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Do percussionists want composers to specify which sticks to use?


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Hello!

When composing a symphonic work that includes timpani, xylophone, and suspended cymbal, should the composer specify which sticks to use? Is it irritating as a percussionist to be told which sticks to use, or do you like being given specific instructions? If percussionists prefer to make their own choices, I am happy to give them that freedom, and will instead just indicate dynamics.  Thanks for the advice!

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Hi Seni,

I'm not a percussionist, but a conductor. Generally, it's best to leave the mallet choice up to the player. They'll work to realize the dynamics and articulations you've put down. The exception is when you want a specific effect, such as wooden mallets (like at the beginning of Mars, the Bringer of War). In that case you would specify.

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I played percussion in my college orchestra. I don't think a player would be offended if you at least mentioned the hardness or the material of the mallet you want. Especially if you've an effect before and really want that sound, like big fuzzy mallets for a soft timpani sound,ppp.

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  • 1 month later...

I want to hijack this topic to make a point which I think is pertinent which often goes unsaid. The point is:

Be as SPECIFIC as you NEED to be. This goes for -everything- you write, for any instrument in any kind of style. As noted by a previous poster, if you NEED a specific sound then you NEED to be specific about what kind of technique and/or auxiliary means are necessary to get it done.

The second point (surprise!) is this:

If a musician, for any reason, complains about you being specific, they are being a nuisance and should be kil--disregarded. Yes, that sounds awfully harsh, but the truth is that you probably were being specific for a reason, right? You weren't just saying that you meant the violinist to use a soft toothbrush on the G string for literally no reason, right? If you have the conviction (as you should) that what you're writing is exactly what you want, then you must be prepared to stand and defend your idea. This is what makes us (composers,) kind of a pain but at the same time where much of the admiration comes from. We command power but with that power comes the responsibility to actually stand behind your ideas even if the entire string section hates you for ever and ever.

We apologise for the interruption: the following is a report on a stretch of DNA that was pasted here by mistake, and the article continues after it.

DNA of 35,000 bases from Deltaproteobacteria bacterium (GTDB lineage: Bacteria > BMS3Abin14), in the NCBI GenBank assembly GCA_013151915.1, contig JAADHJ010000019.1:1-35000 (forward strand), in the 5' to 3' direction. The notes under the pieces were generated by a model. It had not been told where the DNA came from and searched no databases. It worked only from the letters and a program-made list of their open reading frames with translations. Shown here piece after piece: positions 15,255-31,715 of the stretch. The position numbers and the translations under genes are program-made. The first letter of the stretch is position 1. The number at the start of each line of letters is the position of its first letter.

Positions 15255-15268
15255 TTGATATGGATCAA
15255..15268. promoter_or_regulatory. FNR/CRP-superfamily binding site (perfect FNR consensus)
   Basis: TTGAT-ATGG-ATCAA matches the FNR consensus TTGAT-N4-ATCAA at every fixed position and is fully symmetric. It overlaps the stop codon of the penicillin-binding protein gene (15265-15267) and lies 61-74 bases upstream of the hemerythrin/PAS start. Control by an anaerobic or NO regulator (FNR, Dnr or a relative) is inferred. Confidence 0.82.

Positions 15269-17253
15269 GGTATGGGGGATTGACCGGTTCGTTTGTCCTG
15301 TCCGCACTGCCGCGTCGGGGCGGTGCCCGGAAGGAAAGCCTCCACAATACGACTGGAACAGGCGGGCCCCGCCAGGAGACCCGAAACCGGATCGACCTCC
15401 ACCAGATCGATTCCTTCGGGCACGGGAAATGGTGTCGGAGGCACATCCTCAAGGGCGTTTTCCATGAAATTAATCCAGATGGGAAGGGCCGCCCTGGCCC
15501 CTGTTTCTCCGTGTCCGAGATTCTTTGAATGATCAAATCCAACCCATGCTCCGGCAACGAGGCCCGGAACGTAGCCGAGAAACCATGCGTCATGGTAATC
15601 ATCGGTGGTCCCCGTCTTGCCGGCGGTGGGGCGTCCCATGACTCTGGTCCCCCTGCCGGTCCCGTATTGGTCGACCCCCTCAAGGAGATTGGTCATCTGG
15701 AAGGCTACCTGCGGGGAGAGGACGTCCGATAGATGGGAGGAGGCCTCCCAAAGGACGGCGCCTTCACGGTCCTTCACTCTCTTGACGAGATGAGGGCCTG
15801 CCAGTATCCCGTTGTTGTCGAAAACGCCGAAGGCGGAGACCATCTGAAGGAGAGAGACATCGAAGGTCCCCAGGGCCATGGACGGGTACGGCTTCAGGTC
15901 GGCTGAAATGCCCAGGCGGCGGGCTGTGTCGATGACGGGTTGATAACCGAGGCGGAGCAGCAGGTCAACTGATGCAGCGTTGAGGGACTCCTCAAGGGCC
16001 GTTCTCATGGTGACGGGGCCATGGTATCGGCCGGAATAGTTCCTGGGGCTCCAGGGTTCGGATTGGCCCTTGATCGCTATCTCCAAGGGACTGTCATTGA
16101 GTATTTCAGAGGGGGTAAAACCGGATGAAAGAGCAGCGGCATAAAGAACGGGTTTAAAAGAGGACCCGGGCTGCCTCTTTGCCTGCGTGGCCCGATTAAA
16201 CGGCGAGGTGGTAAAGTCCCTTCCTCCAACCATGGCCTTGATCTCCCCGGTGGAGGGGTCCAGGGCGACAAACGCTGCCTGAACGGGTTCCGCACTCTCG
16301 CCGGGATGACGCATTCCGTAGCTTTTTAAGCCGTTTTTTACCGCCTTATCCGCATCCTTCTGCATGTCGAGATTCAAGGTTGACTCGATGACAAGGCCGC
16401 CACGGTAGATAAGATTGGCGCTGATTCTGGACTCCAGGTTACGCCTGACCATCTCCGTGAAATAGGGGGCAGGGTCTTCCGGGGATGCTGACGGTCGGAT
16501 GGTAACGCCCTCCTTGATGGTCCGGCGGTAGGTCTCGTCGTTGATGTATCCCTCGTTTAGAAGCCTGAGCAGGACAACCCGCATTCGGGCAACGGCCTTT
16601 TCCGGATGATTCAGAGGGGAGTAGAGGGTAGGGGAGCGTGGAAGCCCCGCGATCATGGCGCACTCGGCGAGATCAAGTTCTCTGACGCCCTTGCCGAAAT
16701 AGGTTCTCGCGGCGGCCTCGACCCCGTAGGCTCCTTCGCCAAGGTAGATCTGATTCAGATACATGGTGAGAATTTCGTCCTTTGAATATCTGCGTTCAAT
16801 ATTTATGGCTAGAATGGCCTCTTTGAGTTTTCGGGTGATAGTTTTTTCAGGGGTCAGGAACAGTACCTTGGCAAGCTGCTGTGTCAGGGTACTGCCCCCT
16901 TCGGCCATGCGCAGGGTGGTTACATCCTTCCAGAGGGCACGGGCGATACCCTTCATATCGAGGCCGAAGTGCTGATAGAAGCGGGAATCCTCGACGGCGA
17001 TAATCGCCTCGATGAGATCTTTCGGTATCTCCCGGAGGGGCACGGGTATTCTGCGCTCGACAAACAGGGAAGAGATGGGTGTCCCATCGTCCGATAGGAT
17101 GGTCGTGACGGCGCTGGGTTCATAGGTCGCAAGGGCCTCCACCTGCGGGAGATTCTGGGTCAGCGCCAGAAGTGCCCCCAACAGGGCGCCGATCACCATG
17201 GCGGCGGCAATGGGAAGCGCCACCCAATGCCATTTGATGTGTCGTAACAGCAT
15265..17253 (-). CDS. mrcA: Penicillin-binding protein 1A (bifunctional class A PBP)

There will be other string sections out there, but there's only one of you.

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So I know this thread is nearly two months old by this point but I realized I could actually contribute.

As a percussionist who's played a large variety of works, I don't mind at all composers specifying mallets. Just last night I played a piece by Elena Kats-Chernin where I had to do a cymbal roll with my fingers, a cymbal roll with brushes, and a cymbal roll which was unspecified so I went with the default soft mallets. I've had mallets specified for mallet instruments, for snare drum, timpani, cymbals, gong, tubular bells, temple blocks, anything where you can get multiple sounds out of it.
I also recently wrote a work for wind band where I did specify some mallet choices - for example, specifying 'hard yarn' both for a xylophone bit and a temple blocks bit (the percussionist would have just assumed plastic/wood otherwise, which wasn't the sound I wanted), or 'soft yarn' for a particular marimba part (where I knew the percussionist would have gone with harder sticks otherwise). I did not specify mallets for every single bit though, because I knew what the default choices were and that's often what I wanted.

I love when composers specify mallets because it shows they've put some thought into the possible sounds that can be produced, and that they care which one is used. I hate, however, when a composer specifies a mallet or a particular sound and I look at it and go 'huh? I don't understand what they want' which happens very occasionally, because then I feel like I'm going against the composer's wishes no matter what I do. I've seen 'rim shot' specified when what the composer actually wanted was for me to hit the side of the drum. I've made fruitless attempts to do a snare drum roll with timpani mallets. I don't even really understand why Kats-Chernin wanted me to hit a cymbal with my fingers - it was barely audible.
SSC said it - 'Be as specific as you need to be'.

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On 3/31/2017 at 5:31 AM, SSC said:

Be as SPECIFIC as you NEED to be. This goes for -everything- you write, for any instrument in any kind of style. As noted by a previous poster, if you NEED a specific sound then you NEED to be specific about what kind of technique and/or auxiliary means are necessary to get it done.

Absolutely this. Too many of my students come to me with these elaborate setups with specific measurements and positions, and I have them redo them. That's too much. 

If our job is to promote specific sounds, why would we not label certain percussion sounds. It's likely the most diverse of any of the instruments so being specific is good. 

But not too specific. 

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